The emergence of virulent extended spectrum β-lactamase producing Klebsiella pneumoniae (ESBL-KP) including carbapenem-resistant Klebsiella pneumoniae (CRKP) in hospital-acquired infections has resulted in significant morbidity and mortality worldwide. We investigated the antibiotic resistance and virulence factors associated with ESBL-KP and CRKP in tertiary care hospitals in Bangladesh and explored their ability to form biofilm. A total of 67 ESBL-KP were isolated from 285 Klebsiella pneumoniae isolates from environmental and patient samples from January 2019 to April 2019. For ESBL-KP isolates, molecular typing was carried out using enterobacterial repetitive intergenic consensus polymerase chain reaction (ERIC-PCR), antibiotic susceptibility testing, PCR for virulence and drug-resistant genes, and biofilm assays were also performed. All 67 isolates were multidrug-resistant (MDR) to different antibiotics at high levels and 42 isolates were also carbapenem-resistant. The most common β-lactam resistance gene was blaCTX-M-1 (91%), followed by blaTEM (76.1%), blaSHV (68.7%), blaOXA-1 (29.9%), blaGES (14.9%), blaCTX-M-9 (11.9%), and blaCTX-M-2 (4.5%). The carbapenemase genes blaKPC (55.2%), blaIMP (28.4%), blaVIM (14.9%), blaNDM-1 (13.4%), and blaOXA-48 (10.4%) and virulence-associated genes such as fimH (71.6%), ugeF (58.2%), wabG (56.7%), ureA (47.8%) and kfuBC (28.4%) were also detected. About 96.2% of the environmental and 100% of the patient isolates were able to form biofilms. ERIC-PCR-based genotyping and hierarchical clustering of K. pneumoniae isolates revealed an association between environmental and patient samples, indicating clonal association with possible transmission of antimicrobial resistance genes. Our findings can help in improving patient care and infection control, and the development of public health policies related to hospital-acquired infections.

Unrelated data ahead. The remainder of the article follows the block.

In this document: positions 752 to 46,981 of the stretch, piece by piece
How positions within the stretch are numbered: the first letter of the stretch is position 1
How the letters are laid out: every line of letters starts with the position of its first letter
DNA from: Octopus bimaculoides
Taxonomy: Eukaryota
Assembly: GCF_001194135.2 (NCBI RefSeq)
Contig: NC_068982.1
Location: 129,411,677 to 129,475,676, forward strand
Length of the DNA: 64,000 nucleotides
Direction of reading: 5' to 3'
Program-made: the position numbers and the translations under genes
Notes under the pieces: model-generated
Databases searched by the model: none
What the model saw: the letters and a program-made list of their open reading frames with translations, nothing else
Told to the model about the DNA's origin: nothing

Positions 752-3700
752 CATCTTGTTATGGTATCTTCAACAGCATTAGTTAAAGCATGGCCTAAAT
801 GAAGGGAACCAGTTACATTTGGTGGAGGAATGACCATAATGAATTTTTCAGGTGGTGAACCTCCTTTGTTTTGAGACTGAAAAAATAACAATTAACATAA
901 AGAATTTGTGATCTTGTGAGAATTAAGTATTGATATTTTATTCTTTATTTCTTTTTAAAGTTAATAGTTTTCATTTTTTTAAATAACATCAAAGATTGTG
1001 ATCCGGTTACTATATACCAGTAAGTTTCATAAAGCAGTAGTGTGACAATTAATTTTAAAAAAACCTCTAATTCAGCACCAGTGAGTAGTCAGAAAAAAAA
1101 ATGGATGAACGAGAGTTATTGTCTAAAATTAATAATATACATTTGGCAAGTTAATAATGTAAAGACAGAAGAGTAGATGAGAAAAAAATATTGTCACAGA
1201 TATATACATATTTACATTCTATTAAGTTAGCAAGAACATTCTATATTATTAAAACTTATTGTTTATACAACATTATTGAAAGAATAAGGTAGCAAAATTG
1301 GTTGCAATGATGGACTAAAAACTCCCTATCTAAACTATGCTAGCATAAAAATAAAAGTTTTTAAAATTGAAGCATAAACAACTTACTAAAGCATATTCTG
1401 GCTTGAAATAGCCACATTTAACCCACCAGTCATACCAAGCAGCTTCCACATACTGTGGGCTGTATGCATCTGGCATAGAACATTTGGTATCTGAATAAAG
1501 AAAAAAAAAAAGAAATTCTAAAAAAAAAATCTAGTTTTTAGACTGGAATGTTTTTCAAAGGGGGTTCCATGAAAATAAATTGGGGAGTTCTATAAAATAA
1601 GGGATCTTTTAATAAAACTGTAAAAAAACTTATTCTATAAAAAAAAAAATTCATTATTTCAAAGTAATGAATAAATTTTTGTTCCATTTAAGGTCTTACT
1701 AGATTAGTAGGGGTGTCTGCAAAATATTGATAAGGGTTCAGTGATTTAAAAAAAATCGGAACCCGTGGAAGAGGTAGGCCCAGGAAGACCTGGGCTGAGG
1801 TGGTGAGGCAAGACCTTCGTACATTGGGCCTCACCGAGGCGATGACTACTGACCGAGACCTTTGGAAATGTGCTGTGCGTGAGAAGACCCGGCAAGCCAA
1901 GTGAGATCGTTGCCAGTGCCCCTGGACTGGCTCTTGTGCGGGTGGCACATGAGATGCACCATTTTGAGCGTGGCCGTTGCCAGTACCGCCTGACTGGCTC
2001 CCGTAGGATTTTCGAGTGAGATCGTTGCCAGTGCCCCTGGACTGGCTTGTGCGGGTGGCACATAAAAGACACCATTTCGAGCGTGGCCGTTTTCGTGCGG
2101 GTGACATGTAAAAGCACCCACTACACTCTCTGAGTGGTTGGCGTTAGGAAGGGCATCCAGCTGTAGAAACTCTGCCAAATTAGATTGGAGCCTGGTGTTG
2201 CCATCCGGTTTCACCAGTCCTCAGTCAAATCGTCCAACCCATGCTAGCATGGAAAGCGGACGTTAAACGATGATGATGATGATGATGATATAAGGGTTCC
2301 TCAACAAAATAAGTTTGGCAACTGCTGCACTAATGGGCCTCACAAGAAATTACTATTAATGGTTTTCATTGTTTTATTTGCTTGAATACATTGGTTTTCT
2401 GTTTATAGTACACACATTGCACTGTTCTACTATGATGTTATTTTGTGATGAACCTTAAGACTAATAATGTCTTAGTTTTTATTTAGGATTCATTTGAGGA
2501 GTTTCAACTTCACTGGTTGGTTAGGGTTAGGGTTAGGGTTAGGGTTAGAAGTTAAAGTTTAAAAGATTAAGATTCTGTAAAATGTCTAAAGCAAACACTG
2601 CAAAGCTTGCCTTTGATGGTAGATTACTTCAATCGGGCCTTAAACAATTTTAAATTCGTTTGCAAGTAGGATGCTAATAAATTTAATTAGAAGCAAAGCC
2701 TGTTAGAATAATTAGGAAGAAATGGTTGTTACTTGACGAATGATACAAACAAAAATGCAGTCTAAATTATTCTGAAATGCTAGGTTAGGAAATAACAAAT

Bibliographical noteFunding Information:
This research protocol was funded by US Centers for Disease Control and Prevention (CDC), grant number CoAg#U01GH001207. icddr,b acknowledges with gratitude the commitment of US CDC to its research efforts. icddr,b is also grateful to the Governments of Bangladesh, Canada, Sweden, and the UK for providing unrestricted support.
© 2022 by the authors.